In Idaho, anyone can ask for a prescription for naloxone from a physician, physician’s assistant, nurse practitioner or pharmacist. In a medical emergency like an overdose, individuals cannot administer naloxone to themselves. Naloxone does not need to be for your own use, which means members of the community, family members, friends, first responders, and bystanders can receive naloxone and administer or “leave-behind” naloxone to anyone else. Someone who administers naloxone to a person who appears to be experiencing an opioid overdose is legally protected by Idaho’s Naloxone Access Law and Idaho’s Good Samaritan Law. Idaho’s Naloxone Access Law was updated in July 2021, allowing for naloxone to be distributed via leave-behind programs for first responders. This bill permits entities, such as first responder organizations, to further distribute naloxone to the public and their employees.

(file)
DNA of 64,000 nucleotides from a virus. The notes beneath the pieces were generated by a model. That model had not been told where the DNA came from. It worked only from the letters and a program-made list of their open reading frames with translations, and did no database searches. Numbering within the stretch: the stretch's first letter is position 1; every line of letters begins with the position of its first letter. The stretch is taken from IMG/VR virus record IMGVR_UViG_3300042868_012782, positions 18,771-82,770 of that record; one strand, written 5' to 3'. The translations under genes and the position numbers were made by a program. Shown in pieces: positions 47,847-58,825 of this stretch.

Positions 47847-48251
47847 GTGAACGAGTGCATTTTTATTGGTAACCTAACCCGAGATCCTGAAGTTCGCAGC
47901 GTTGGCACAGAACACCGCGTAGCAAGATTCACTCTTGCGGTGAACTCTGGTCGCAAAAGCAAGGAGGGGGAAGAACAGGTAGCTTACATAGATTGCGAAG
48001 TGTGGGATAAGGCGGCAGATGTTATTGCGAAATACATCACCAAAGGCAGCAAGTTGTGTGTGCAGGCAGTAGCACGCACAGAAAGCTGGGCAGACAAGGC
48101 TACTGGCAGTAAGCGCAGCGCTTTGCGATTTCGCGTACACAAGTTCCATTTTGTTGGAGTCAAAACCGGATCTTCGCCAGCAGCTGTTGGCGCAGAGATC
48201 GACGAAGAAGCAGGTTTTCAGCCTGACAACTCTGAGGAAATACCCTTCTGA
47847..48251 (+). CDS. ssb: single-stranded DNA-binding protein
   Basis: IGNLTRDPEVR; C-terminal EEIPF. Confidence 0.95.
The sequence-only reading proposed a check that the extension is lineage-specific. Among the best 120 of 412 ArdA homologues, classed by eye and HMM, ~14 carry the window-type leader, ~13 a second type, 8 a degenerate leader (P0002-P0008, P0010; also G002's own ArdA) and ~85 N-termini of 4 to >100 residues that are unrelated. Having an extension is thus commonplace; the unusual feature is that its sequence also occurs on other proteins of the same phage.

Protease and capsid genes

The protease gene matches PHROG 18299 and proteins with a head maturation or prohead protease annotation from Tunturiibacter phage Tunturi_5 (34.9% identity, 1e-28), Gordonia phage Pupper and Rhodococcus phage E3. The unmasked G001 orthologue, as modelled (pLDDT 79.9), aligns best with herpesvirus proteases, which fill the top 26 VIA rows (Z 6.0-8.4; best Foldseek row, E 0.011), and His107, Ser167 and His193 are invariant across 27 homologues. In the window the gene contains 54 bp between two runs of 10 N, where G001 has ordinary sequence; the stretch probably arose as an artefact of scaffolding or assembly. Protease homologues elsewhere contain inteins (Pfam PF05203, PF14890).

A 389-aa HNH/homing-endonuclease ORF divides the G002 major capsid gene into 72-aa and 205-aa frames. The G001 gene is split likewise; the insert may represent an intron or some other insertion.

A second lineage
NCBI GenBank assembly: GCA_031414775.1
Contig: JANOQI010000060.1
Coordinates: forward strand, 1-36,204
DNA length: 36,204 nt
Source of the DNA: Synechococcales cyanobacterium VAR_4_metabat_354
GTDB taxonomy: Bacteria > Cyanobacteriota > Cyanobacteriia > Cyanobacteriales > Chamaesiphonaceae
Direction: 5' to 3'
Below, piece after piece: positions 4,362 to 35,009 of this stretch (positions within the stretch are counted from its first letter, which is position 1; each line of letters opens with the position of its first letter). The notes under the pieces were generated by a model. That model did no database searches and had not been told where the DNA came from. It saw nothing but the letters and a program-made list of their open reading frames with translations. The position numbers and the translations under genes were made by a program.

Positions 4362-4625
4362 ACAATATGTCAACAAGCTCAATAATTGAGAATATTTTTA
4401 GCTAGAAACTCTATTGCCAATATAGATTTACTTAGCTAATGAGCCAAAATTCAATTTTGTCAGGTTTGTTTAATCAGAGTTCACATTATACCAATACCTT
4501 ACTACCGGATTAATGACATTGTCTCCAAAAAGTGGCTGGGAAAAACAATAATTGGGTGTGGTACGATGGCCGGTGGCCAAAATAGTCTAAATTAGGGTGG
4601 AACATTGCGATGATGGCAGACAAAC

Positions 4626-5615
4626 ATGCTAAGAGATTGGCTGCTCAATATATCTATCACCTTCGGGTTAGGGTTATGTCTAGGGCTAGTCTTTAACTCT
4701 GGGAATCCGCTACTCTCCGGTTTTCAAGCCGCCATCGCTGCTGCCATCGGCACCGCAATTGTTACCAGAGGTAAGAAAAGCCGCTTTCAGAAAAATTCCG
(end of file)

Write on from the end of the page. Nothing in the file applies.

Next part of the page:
Source: Network for Public Health Law (August 2020). Harm Reduction Laws in Idaho.